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Instituting "structural changes" in the electricity industry is considered the flagship of the privatization ideology. If the government would only be allowed to dismantle the anachronistic monopoly of the Israel Electric Corporation (IEC) and sell parts of it to investors, the argument goes, such an achievement could be added to the privatization revolutions in the communication and transportation industries. Then we will all be able to have a proper, flourishing economy.

And here, on September 12 the government decided to allow the electricity industry to undergo a sort of "privatization lite," with the option for more extensive privatization in the future. The government has determined, in a section of the Economic Arrangements Law called "Making public service efficient and improving services for citizens," that the IEC will be split into at least four subsidiaries that will generate electricity, and into three to five others that will distribute it to consumers. By 2012, 49 percent of the company is slated to be sold to private investors. The price of electricity will gradually stop being regulated by the public authority that currently determines it.

Dismantling the monopoly, promises the government, will generate competition. And competition, we are always told, reduces the price for the consumer. To the credit of the Finance Ministry, it did not promise, in the explanation given for the government decision, that competition would actually reduce the price of electricity. After all, the treasury knows the truth: Even the experts' report it asked for recommends that the price of electricity be raised by 12 percent.

The New York Times recently published a series of articles marking a decade since the privatization of the electric companies in nearly half the states in the United States. The headline of the first article in the series, which ran on the paper's front page last week, was: "Competitive era fails to shrink electric bills." The paper found that electricity bills did decrease "modestly" when Washington opened that market to competition, but said that this was because the states imposed cuts, freezes and price caps at the request of consumer groups, in an effort to protect people from higher prices.

By next year, the last of the rate protections will have expired, the paper reported. It said a draft report to Congress from the Federal Energy Regulatory Commission and other federal agencies warns that "customers may experience rate shock" due to an expected rise in prices, and that California and five other states have frozen or postponed the transition to the competitive approach due to concern over this. The newspaper found that electricity rates are expected to rise by 72 percent in Baltimore, Maryland, and up to 55 percent in Illinois, and that in Connecticut they already rose by up to 27 percent last year and are expected to go up by as much as 50 percent more in January. In New Jersey, it said, rates increased up to 13 percent this year, and are set to mount much higher.

When the American electricity sector opened up to private investors in 1996, free-market economists and the Clinton administration applauded the move, and the industry and consumers were told they would see billions of dollars a year as a result, the Times reported.

Although the public electric companies were split into energy producers and energy suppliers, however, the paper noted that "a truly competitive market has never developed," and in most areas the number of power producers is small. It said some utilities buy more expensive electricity than needed, and in other cases, investors have made a large profit on reselling power plants they just bought or else purchased power plants from the utilities at bargain prices, then sold the electricity back for much more money. In addition, the article in the Times said, some companies that produce electricity withhold it or limit production.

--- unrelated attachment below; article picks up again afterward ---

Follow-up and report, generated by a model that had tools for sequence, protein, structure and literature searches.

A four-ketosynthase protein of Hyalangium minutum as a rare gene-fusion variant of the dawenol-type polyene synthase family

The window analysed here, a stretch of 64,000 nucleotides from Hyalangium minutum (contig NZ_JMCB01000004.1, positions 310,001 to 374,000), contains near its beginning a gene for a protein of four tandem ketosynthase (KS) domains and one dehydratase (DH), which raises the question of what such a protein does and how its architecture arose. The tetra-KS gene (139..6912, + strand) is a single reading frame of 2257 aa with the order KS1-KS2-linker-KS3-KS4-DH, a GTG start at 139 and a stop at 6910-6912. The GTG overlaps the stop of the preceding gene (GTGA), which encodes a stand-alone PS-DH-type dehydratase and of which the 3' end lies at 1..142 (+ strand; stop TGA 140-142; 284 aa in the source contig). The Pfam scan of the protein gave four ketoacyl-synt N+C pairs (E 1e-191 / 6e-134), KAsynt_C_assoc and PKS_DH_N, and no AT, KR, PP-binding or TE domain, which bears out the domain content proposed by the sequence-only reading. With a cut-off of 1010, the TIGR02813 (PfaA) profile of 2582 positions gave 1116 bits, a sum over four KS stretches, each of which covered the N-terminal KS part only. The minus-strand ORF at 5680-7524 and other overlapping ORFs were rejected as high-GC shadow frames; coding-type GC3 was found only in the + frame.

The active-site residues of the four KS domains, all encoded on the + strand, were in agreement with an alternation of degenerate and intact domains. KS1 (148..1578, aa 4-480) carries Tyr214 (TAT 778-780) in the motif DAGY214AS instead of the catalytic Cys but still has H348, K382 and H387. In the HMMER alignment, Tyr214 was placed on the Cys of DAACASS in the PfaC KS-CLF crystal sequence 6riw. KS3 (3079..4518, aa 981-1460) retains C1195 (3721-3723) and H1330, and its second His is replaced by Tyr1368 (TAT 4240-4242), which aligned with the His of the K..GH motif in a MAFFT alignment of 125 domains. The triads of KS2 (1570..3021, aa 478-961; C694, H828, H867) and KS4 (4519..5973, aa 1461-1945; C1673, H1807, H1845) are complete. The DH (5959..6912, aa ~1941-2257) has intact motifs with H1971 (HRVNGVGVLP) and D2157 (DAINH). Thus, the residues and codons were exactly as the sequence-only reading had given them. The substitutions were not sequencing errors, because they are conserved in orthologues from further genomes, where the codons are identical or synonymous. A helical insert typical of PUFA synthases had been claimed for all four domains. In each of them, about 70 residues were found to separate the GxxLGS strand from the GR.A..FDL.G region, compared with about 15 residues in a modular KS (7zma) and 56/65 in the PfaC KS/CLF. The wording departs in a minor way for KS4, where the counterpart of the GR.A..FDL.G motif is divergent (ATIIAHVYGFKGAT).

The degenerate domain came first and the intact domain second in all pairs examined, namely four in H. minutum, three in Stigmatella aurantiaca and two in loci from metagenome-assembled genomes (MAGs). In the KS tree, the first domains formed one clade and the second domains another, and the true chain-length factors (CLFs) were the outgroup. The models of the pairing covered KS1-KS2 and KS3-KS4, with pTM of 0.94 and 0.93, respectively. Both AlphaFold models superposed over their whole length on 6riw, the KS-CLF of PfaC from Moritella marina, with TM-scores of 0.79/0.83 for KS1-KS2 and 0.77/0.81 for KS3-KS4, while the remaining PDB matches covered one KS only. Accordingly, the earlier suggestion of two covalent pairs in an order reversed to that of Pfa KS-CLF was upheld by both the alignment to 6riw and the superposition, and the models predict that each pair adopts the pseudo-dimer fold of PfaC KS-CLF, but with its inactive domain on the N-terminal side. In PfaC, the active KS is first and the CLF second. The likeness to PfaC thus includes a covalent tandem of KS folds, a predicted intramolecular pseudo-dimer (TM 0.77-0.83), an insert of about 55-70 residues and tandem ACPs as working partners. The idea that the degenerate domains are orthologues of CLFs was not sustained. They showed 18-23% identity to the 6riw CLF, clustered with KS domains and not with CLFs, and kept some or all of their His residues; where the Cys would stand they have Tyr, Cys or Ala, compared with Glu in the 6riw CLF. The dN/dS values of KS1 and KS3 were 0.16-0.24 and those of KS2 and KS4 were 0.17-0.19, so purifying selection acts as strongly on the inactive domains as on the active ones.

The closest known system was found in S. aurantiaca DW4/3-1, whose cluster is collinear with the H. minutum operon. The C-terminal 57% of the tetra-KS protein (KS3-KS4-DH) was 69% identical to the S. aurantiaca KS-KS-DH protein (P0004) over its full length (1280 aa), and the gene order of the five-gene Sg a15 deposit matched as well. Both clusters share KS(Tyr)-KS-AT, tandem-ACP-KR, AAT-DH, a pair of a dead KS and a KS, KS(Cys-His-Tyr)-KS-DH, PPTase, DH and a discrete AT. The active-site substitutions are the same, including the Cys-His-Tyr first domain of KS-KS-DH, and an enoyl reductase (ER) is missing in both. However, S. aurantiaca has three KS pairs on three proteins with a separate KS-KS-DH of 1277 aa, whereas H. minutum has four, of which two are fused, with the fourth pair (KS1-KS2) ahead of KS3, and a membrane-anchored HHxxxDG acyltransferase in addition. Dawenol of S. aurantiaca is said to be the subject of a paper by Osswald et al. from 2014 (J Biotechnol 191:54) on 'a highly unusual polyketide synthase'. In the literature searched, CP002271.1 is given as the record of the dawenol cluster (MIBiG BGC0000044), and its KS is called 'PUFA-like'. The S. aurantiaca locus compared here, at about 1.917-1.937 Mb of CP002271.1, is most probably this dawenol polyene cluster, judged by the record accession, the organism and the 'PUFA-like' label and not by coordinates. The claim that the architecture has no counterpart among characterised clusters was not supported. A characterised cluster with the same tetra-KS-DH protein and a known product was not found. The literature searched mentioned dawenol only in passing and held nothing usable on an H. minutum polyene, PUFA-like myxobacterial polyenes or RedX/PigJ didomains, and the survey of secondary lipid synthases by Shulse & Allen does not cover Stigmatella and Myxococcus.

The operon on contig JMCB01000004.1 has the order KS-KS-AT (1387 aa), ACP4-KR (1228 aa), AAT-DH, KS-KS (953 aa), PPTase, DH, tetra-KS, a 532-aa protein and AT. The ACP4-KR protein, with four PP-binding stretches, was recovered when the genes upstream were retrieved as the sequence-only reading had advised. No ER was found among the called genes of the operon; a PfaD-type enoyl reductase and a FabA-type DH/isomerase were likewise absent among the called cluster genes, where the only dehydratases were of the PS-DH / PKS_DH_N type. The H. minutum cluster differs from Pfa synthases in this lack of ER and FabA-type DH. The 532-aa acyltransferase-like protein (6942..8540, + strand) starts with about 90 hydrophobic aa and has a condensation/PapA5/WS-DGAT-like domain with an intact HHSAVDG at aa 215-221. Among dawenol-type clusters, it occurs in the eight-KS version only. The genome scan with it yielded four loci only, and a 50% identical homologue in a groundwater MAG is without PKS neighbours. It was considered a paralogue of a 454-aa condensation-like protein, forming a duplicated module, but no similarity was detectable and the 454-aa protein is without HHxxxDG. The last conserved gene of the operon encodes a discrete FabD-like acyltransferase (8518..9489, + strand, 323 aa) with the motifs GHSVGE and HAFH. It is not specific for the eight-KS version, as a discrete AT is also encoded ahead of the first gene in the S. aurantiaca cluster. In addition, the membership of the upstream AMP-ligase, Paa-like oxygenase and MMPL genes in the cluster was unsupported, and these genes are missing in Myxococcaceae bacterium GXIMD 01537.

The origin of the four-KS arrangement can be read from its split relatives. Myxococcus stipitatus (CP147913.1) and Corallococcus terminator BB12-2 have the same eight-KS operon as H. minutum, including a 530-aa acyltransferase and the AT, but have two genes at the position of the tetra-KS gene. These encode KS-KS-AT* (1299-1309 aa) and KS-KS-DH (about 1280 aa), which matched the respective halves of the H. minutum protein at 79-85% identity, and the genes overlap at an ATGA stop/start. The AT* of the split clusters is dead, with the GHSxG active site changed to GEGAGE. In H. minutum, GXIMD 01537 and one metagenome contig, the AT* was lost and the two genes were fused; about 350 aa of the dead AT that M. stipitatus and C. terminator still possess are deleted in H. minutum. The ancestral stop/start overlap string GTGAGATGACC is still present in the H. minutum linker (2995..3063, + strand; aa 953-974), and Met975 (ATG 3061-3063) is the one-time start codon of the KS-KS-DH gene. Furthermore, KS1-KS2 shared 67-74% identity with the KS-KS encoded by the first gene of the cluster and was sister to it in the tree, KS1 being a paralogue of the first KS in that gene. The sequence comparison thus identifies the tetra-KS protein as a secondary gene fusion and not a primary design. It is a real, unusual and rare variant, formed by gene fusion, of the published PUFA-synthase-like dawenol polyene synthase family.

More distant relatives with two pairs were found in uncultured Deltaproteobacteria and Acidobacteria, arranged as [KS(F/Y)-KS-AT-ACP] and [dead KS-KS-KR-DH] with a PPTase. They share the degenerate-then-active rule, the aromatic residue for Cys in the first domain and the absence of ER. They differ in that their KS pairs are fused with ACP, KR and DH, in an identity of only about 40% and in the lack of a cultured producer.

Even the Cato Institute, which favors as little regulation as possible, has recommended "total abandonment of restructuring" in the electric industry, the Times reported.

You don't need to be an expert to understand that a similar fate awaits the Israeli electricity revolution. The IEC already has a hard time supplying enough electricity to meet the demand. According to experts, at least one coal-based power plant should be built soon, at a cost of $1.5 billion. One can presume that entrepreneurs prepared to invest in this would want a rapid return on their investment and that investors will not be standing in line to build a lot of additional power plants.

Although the demand for electricity has grown, the Israeli market is small, and unlike in the United States, it's not certain that an investor would be able to sell electricity to the neighboring countries in the future. Like the United States, though, there will also be room here for producers to maneuver: They could produce electricity at will and reduce production at will to raise the price. The result will be more expensive electricity.

Instead of raising the necessary funds to develop and maintain the IEC, which supplies electricity at among the lowest rates in the Western world, the state prefers to get involved in an adventure that is liable not only to endanger the reliability of the supply of electricity but also cause such a basic utility to be out of reach of many Israelis. There are already hundreds of thousands households that have a tough time paying their electric bills. True, all the Israelis who love getting angry at the good salaries of the IEC workers will be satisfied if the company is privatized and the salaries are cut, but the consumers won't be the ones who benefit from it. If anyone benefits, it will only be the entrepreneurs.